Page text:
La lecture en ligne est gratuite
Le téléchargement nécessite un accès à la bibliothèque YouScribe
Tout savoir sur nos offres
Télécharger Lire

Pilgrimage from the Alps to the Tiber - Or The Influence of Romanism on Trade, Justice, and Knowledge

239 pages
Publié par :
Ajouté le : 08 décembre 2010
Lecture(s) : 17
Signaler un abus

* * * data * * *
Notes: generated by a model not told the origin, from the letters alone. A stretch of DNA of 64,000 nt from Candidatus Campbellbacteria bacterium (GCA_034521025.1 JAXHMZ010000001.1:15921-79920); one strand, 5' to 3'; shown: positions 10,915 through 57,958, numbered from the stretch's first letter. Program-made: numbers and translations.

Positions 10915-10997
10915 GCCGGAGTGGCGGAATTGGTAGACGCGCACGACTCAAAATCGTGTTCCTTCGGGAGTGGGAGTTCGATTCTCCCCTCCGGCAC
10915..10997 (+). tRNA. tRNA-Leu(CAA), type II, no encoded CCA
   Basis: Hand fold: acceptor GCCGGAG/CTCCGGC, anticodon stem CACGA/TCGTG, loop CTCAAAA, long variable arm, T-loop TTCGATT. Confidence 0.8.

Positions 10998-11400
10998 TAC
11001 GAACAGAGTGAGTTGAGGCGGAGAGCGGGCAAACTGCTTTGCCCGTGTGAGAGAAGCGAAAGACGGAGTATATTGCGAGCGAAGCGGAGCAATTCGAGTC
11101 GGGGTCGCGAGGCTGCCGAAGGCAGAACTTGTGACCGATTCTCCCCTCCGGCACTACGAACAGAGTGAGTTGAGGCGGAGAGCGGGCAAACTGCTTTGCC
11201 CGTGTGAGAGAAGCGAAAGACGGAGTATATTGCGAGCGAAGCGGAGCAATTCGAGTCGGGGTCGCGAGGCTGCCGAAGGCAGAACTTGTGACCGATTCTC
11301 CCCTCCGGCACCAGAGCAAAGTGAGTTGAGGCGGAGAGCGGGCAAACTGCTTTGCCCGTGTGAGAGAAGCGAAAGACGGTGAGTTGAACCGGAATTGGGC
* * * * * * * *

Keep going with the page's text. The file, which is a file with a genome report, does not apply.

The Project Gutenberg eBook of Pilgrimage from the Alps to the Tiber, by James Aitken Wylie This eBook is for the use of anyone anywhere at no cost and with almost no restrictions whatsoever. You may copy it, give it away or re-use it under the terms of the Project Gutenberg License included with this eBook or online at www.gutenberg.org Title: Pilgrimage from the Alps to the Tiber Or The Influence of Romanism on Trade, Justice, and Knowledge Author: James Aitken Wylie Release Date: March 9, 2009 [eBook #28294] Language: English Character set encoding: ISO-8859-1 ***START OF THE PROJECT GUTENBERG EBOOK PILGRIMAGE FROM THE ALPS TO THE TIBER*** E-text prepared by Frank van Drogen, Greg Bergquist, and the Project Gutenberg Online Distributed Proofreading Team (http://www.pgdp.net) Transcriber’s Note The punctuation and spelling from the original text have been preserved faithfully. Only obvious typographical errors have been corrected. P I L G R FROM T H P E I FROM A L G A I N F L U L R L E T T H H E E OR ON TRADE, JUSTICE, AND KNOWLEDGE. BY REV. J.A. WYLIE, LL.D. AUTHOR OF "THE PAPACY," &c. &.c. EDINBURGH SHEPHERD & ELLIOT, 15, PRINCES STREET. LONDON: HAMILTON, ADAMS, & CO. MDCCCLV. C O CHAPTER I. N T E PAGE N T S THE INTRODUCTION, 1 CHAPTER II. THE PASSAGE OF THE ALPS, CHAPTER III. R ISE AND PROGRESS OF C ONSTITUTIONALISM IN PIEDMONT, CHAPTER IV. STRUCTURE AND C HARACTERISTICS OF THE VAUDOIS VALLEYS, CHAPTER V. STATE AND PROSPECTS OF THE VAUDOIS C HURCH, CHAPTER VI. FROM TURIN TO N OVARA—PLAIN OF LOMBARDY , CHAPTER VII. FROM N OVARA TO MILAN—D OGANA—CHAIN OF THE ALPS , CHAPTER VIII. C ITY AND PEOPLE OF MILAN , CHAPTER IX. ARCO D ELLA PACE—ST AMBROSE , CHAPTER X. THE D UOMO OF MILAN, CHAPTER XI. MILAN TO BRESCIA—THE R EFORMERS , CHAPTER XII. THE PRESENT THE IMAGE OF THE PAST, CHAPTER XIII. SCENERY OF LAKE GARDA—PESCHIERA—VERONA , CHAPTER XIV. FROM VERONA TO VENICE—THE TYROLESE ALPS , CHAPTER XV. 168 158 152 137 126 119 105 94 83 62 43 23 8 VENICE—D EATH OF N ATIONS, CHAPTER XVI. PADUA—ST ANTONY—THE PO —ARREST , CHAPTER XVII. FERRARA—R ENÉE AND OLYMPIA MORATA , CHAPTER XVIII. BOLOGNA AND THE APENNINES , CHAPTER XIX. FLORENCE AND ITS YOUNG EVANGELISM, CHAPTER XX. FROM LEGHORN TO R OME—C IVITA VECCHIA , CHAPTER XXI. MODERN R OME, CHAPTER XXII. ANCIENT R OME—THE SEVEN H ILLS, CHAPTER XXIII. 178 198 209 216 237 262 276 289 SIGHTS IN R OME—C ATACOMBS—PILATE'S STAIRS—PIO N ONO , &C., 302 CHAPTER XXIV. INFLUENCE OF R OMANISM ON TRADE, CHAPTER XXV. INFLUENCE OF R OMANISM ON TRADE—(CONTINUED), CHAPTER XXVI. JUSTICE AND LIBERTY IN THE PAPAL STATES , CHAPTER XXVII. EDUCATION AND KNOWLEDGE IN THE PAPAL STATES, CHAPTER XXVIII. MENTAL STATE OF THE PRIESTHOOD IN ITALY , 415 401 366 352 333 CHAPTER XXIX. SOCIAL AND D OMESTIC C USTOMS OF THE R OMANS, CHAPTER XXX. THE ARGUMENT FROM THE WHOLE, OR, R OME HER OWN WITNESS, 447 430 R AND O M E , [Pg 1] T H I E N W I O T R A K L C H A P T E R I . THE INTRODUCTION. I DID not go to Rome to seek for condemnatory matter against the Pope's government. Had this been my only object, I should not have deemed it necessary to undertake so long a journey. I could have found materials on which to construct a charge in but too great abundance nearer home. The cry of the Papal States had waxed great, and there was no need to go down into those unhappy regions to satisfy one's self that the oppression was "altogether according to the cry of it." I had other objects to serve by my journey. There is one other country which has still more deeply influenced the condition of the race, and towards which one is even more powerfully drawn, namely, Judea. But Italy is entitled to the next place, as respects the desire which one must naturally feel to visit it, and the instruction one may expect to reap from so doing. Some of the greatest minds which the pagan world has produced have appeared in Italy. In that land those events were accomplished which have given to modern history its form and colour; and those ideas elaborated, the impress of which may still be traced upon the opinions, the institutions, and the creeds of Europe. In Italy, too, empire has left her ineffaceable traces, and art her glorious footsteps. There is, all will admit, a peculiar and exquisite pleasure in visiting such spots: nor is there pleasure only, but profit also. One's taste may be corrected, and his judgment strengthened, by seeing the masterpieces of ancient genius. New trains of thought may be suggested, and new sources of information opened, by the sight of men and of manners wholly new. But more than this,—I believed that there were lessons to be learned there, which it was emphatically worth one's while going there to learn, touching the working of that politico-religious system [Pg 2] of which Italy has so long been the seat and centre. I had previously been at some little pains to make myself acquainted with this system in its principles, and wished to have an opportunity of studying it in its effects upon the government of the country, and the condition of the people, as respects their trade, industry, knowledge, liberty, religion, and general happiness. All I shall say in the following pages will have a bearing, more or less direct, upon this main point. It is impossible to disjoin the present of these countries from the past; nor can the solemn and painful enigma which they exhibit be unriddled but by a reference to the past, and that not the immediate, but the remote past. There is truth, no doubt, in the saying of the old moralist, that nations lose in moments what they had acquired in years; but the remark is applicable rather to the accelerated speed with which the last stages of a nation's ruin are accomplished, than to the slow and imperceptible progress which usually marks its commencement. Unless when cut off by the sudden stroke of war, it requires five centuries at least to consummate the fall of a great people. One must pass, therefore, over those hideous abuses which are the immediate harbingers of national disaster, and which exclusively engross the attention of ordinary inquirers, and go back to those remote ages, and those minute and apparently insignificant causes, amid which national declension, unsuspected often by the nation itself, takes its rise. The destiny of modern Europe was sealed so long ago as A.D. 606, when the Bishop of Rome was made head of the universal Church by the edict of a man stained with the double guilt of usurpation and murder. Religion is the parent of liberty. The rise of tyrants can be prevented in no other way but by maintaining the supremacy of God and conscience; and in the early corruptions of the gospel, the seeds were sown of those frightful despotisms which have since arisen, and of those tremendous convulsions which are now rending society. The evil principle implanted in the European commonwealth in the seventh century appeared to lie dormant for ages; but all the while it was busily at work beneath those imposing imperial structures which arose in the middle ages. It had not been cast out of the body politic; it was still there, operating with noiseless but resistless energy and terrible strength; and while monarchs were busily engaged founding empires and consolidating their rule, it was preparing to signalize, at a future day, the superiority of its own power by the sudden and irretrievable overthrow of theirs. Thus society had come to resemble the lofty mountain, whose crown of white snows and robe of fresh verdure but conceal those hidden fires which are smouldering within its bowels. Under the appearance of robust health, a moral cancer was all the while preying upon the vitals of society, eating out by slow degrees the faith, the virtue, the obedience of the world. The ground at last gave way, and thrones and hierarchies came tumbling down. Look at the Europe of our day. What is the Papacy, but an enormous cancer, of most deadly virulency, which has now run its course, and done its work upon the nations of the Continent. The European community, from head to foot, is one festering sore. Soundness in it there is none. The Papal world is a wriggling mass of corruption and suffering. It is a compound of tyrannies and perjuries, —of lies and blood-red murders,—of crimes abominable and unnatural,—of priestly maledictions, socialist ravings, and atheistic blasphemies. The whine of mendicants, the curses, groans, and shrieks of victims, and the demoniac laughter of tyrants, commingle in one hoarse roar. Faugh! the spectacle is too [Pg 3] [Pg 4] horrible to be looked at; its effluvia is too fetid to be endured. What is to be done with the carcase? We cannot dwell in its neighbourhood. It would be impossible long to inhabit the same globe with it: its stench were enough to pollute and poison the atmosphere of our planet. It must be buried or burned. It cannot be allowed to remain on the surface of the earth: it would breed a plague, which would infect, not a world only, but a universe. It is in this direction that we are to seek for instruction; and here, if we are able to receive it, thirty generations are willing to impart to us their dear-bought experience. Lessons which have cost the world so much are surely worth learning. But I do not mean to treat my readers to lectures on history, instead of chapters on travel. It is not an abstract disquisition on the influence of religion and government, such as one might compose without stirring from his own fireside, which I intend to write. It is a real journey we are about to undertake. You shall have facts as well as reflections,—incidents as well as disquisitions. I shall be grave,—as who would not at the sight of fallen nations?—but "when time shall serve there shall be smiles." You shall climb the Alps; and when their tops begin to burn at sunrise, you shall join heart and song with the music of the shepherd's horn, and the thunder of a thousand torrents, as they rush headlong down amid crags and pine-forests from the icy summits. You shall enter, with pilgrim feet, the gates of proud capitals, where puissant kings once reigned, but have passed away, and have left no memorial on earth, save a handful of dust in a stone-coffin, or a half-legible name on some mouldering arch. The solemn and stirring voice of Monte Viso, speaking from the midst of the Cottian Alps, will call you from afar to the martyr-land of Europe. You shall worship with the Waldenses beneath their own Castelluzzo, which covers with its mighty shadow the ashes of their martyred forefathers, and the humble sanctuary of their living descendants. You shall count the towns and campaniles on the broad Lombardy. You shall pass glorious days on the top of renowned cathedrals, and sit and muse in the face of the eternal Alps, as the clouds now veil, now reveal, their never-trodden snows. You shall cross the Lagunes, and see the winged lion of St Mark soaring serenely amid the bright domes and the ever calm seas of Venice, where you may list "The song and oar of Adria's gondolier, Mellowed by distance, o'er the waters sweep." You shall travel long sleepless nights in the diligence, and be ferried at daybreak over "ancient rivers." You shall tread the grass-grown streets of Ferrara, and the deserted halls of Bologna, where the wisdom-loving youth of Europe erst assembled, but whose solitude now is undisturbed, save by the clank of the Croat's sabre, or the wine-flagon of the friar. You shall visit cells dim and dank, around which genius has thrown a halo which draws thither the pilgrim, who would rather muse in the twilight of the naked vault, than wander amid the marble glories of the palace that rises proudly in its neighbourhood. You shall go with me, at the hour of vespers, to aisled cathedrals, which were ages abuilding, and the erection of which swallowed up the revenues of provinces, —beneath whose roof, ample enough to cover thousands and tens of thousands, you may see a solitary priest, singing a solemn dirge over a "Religion" fallen as a dominant belief, and existing only as a military organization; while statues, mute and solemn, of mailed warriors, grim saints, angels and winged cherubs, ranged along the walls, are the only companions [Pg 5] [Pg 6] of the surpliced man, if we except a few beggars pressing with naked knees the stony floor. You shall see Florence,— "The brightest star of star-bright Italy." You shall be stirred by the craggy grandeur of the Apennines, and soothed by the living green of the Tuscan vales, with their hoar castles, their olives, their dark cypresses, and their forests,— "Where beside his leafy hold The sullen boar hath heard the distant horn, And whets his tusks against the gnarled thorn." You shall taste the vine of Italy, and drink the waters of the Arno. You shall wander over ancient battle-fields, encounter the fierce Apennine blast, and be rocked on the Mediterranean wave, which the sirocco heaps up, huge and dark, and pours in a foaming cataract upon the strand of Italy. Finally, we shall tread together the sackcloth plain on which Rome sits, with the leaves of her torn laurel and the fragments of her shivered sceptre strewn around her, waiting with discrowned and downcast head the bolt of doom. Entering the gates of the "seven-hilled city," we shall climb the Capitol, and survey a scene which has its equal nowhere on the earth. Mouldering arches, fallen columns, buried palaces, empty tombs, and slaves treading on the dust of the conquerors of the world, are all that now remain of Imperial Rome. What a scene of ruin and woe! When the twilight falls, and the moon begins to climb the eastern arch, mark how the Coliseum projects, as if in pity, its mighty shadow across the Forum, and covers with its kindly folds the mouldering trophies of the past, and draws its mantle around the nakedness of the Cæsars' palace, as if to screen it from the too curious eye of the visitor. Rome, what a history is thine! One other tragedy, terrible as befits the drama it closes, and the curtain will drop in solemn, and, it may be, eternal silence. [Pg 7] C H A P T E R I [Pg 8] I . THE PASSAGE OF THE ALPS. The Rhone—Plains of Dauphiny—Mont Blanc and the "Reds" —Landscape by Night—Democratic Club in the Diligence—Approach the Alps—Festooned Vines—Begin the Ascent —Chamberry—Uses of War—An Alpine Valley—Sudden Alternations of Beauty and Grandeur—Travellers—Evening —Grandeur of Sunset—Supper at Lanslebourg—Cross the Summit at Midnight—Morning—Sunrise among the Alps—Descent—Italy. IT was wearing late on an evening of early October 1851 when I crossed the Rhone on my way to the Alps. It had rained heavily during the day, and sombre clouds still rested on the towers of Lyons behind me. The river was in flood, and the lamps on the bridge threw a troubled gleam upon the impetuous current as it rolled underneath. It was impossible not to recollect that this was the stream on the banks of which Irenæus, the disciple of Polycarp, himself the disciple of John, had, at almost the identical spot where I crossed it, laboured and prayed, and into the floods of which had been flung the ashes of the first martyrs of Gaul. These murky skies formed no very auspicious commencement of my journey; but I cherished the hope that to-morrow would bring fair weather, and with fair weather would come the green valleys and gleaming tops of the Alps, and, the day after, the sunny plains of Italy. This fair vision beckoned me on through the deep road and the scudding shower. We struck away into the plains of Dauphiny,—those great plains that stretch from the Rhone to the Alps, and which offer to the eye, as seen from the heights that overhang Lyons, a vast and varied expanse of wood and meadow, cornfield and vineyard, city and hamlet, with the snowy pile of Mont Blanc rising afar in the horizon. On the previous evening I had climbed these heights, so stately and beautiful, with convents hanging on their sides, and a chapel to Mary crowning their summit, to renew my acquaintance, after an interval of some years' absence, with the monarch of the Alps. I was greatly pleased to find, especially in these times, that my old friend had not grown "red." Since I saw him last, changes not a few had passed upon Europe, and more than one monarch had fallen; but Mont Blanc sat firmly in his seat, and wore his icy crown as proudly as ever. Since my former visit to Lyons the "Reds" had made great progress in all the countries at the foot of the Alps. Their party had been especially progressive in Lyons; so much so as to affect the nomenclature of the hills that overlook that city on the north. That hill, which is nearly wholly covered with the houses and workshops of the silk-weavers, is now known as the "red mountain," its inhabitants being mostly of that faction; while the hill on the west of it, that, namely, which I had ascended on the evening before, and which is chiefly devoted to ecclesiastical persons and uses, is called the "white mountain." But while men had been changing their faith, and hills their names, Mont Blanc stood firmly by his old creed and his old colours. There he was, dazzlingly, transcendently white, defying the fuller's art to whiten him, and shading into dimness the snowy robe of the priest; looking with royal majesty over his wide realm; standing unchanged in the midst of a theatre of changes; abiding for ever, though kingdoms at his feet were passing away; pre-eminent in grace and glory amidst his princely peers; and looking the earthly type of that eternal and all-glorious One, who stands supreme and unapproachable amid the powers, dominions, and royalties of the universe. The night wore on without any noticeable event, or any special interruption, save what was occasioned necessarily by our arrival at the several stages, and the changes consequent thereon of horses and postilions. There was a rag of a moon overhead,—at least so one might judge from the hazy light that struggled through the fog,—by the help of which I kept watching the landscape till past midnight. Then a spirit of drowsiness invaded me. It was not sleep, but sleep's image, or sleep's counterfeit,—an uneasy trance, in which a confused vision of tall trees, with their head in the clouds, and very long and very narrow fields, marked off by straight rows of very upright poplars, and large heavy-looking houses, with tall antique roofs, kept marching past, without variety and without end. I would wake up at times and look out. There was the same picture before me. I would fall back into my trance again, and, an hour or so after, I would again wake up; still the identical picture was there. I could not persuade myself that the diligence had moved from the spot, despite the rumbling of its wheels [Pg 9] [Pg 10] and the jingling of the horses' bells. All night long the same changeless picture kept moving on and on, ever passing, yet never past. I may be said to have crossed the Alps amid a torrent of curses. My place was in the banquette, the roomiest and loftiest part of the lofty diligence, and which, perched in front, and looking down upon the inferior compartments of the diligence, much as the attics of a three-storey house look down upon the lower suits of apartments, commands a fine view of the country, when it is daylight and clear weather. There sat next me in the banquette a young Savoyard, who travelled with us as far as Chamberry, in the heart of the Alps; and on the other side of the Savoyard sat the conducteur . This last was a Piedmontese, a young, clever, obliging fellow, with a voluble tongue, and a keen dark eye in his head. Scarce had we extricated ourselves from the environs of Lyons, or had got beyond the reach of the guns that look so angrily down upon it from the heights, till these two broke into a conversation on politics. The conversation soon warmed into an energetic and vehement discussion, or philippic I should rather say. Their discourse was far too rapid, and I was too unfamiliar with the language in which it was uttered to do more than gather its scope and drift. But I could hear the names of France and Austria repeated every other sentence; and these names were sure to be followed by a volley of curses, fierce, scornful, and defiant. Austria was cursed,—France was cursed: they were cursed individually,—they were cursed conjunctly,—once, again, and a hundred times. What were the politics of the passengers in the other compartments of the diligence I know not; but little did they wot that they had a democratic club overhead, and that more treason was spouted that night in their company than might have got us all into trouble, had there been any evesdropper in any corner of the vehicle. When I chanced to awake, they were still at it. The harsh grating sound of the anathemas haunted me during my sleep even. It was like a rattling hail-shower, or like the continuous corruscations of lightning,—the lightning of the Alps. Had it been possible for the authorities to know but a tithe of what was spoken that night by my two neighbours, their journey would have been short: they would have been shot at the next station, to a certainty. With the night, the dream-like landscape, and the maledictory harangues which had haunted me during the darkness, passed away, and the morning found us nearing the mountains. The Alps open upon you by little. One who has never climbed these hills imagines himself standing at their feet, and looking up the long unbroken vista of fields, vineyards, forests, and naked rocks, to the eternal snows of their summit. Not so. They do not come marching thus upon you in all their grandeur to overwhelm you. To see them thus, you must stand afar off,—at least fifty miles away. There you can take in the whole at a glance, from the beauteous fringe of stream, and hamlet, and woodland, that skirts their base, to the white serrated line that cuts so sharply the blue of the firmament. Nearer them,—unless, indeed, in the great central valleys, where you can see the icy fields hanging in the firmament at an awful distance above you,—their snow-clad summits are invisible, being hidden by an intervening sea of ridges, that are strewn over with rocks, or wave darkly with pines. As we approached the mountains, they offered to the eye a beauteous chain of verdant hills, with the morning mists hanging on their sides. The torrents [Pg 11] [Pg 12]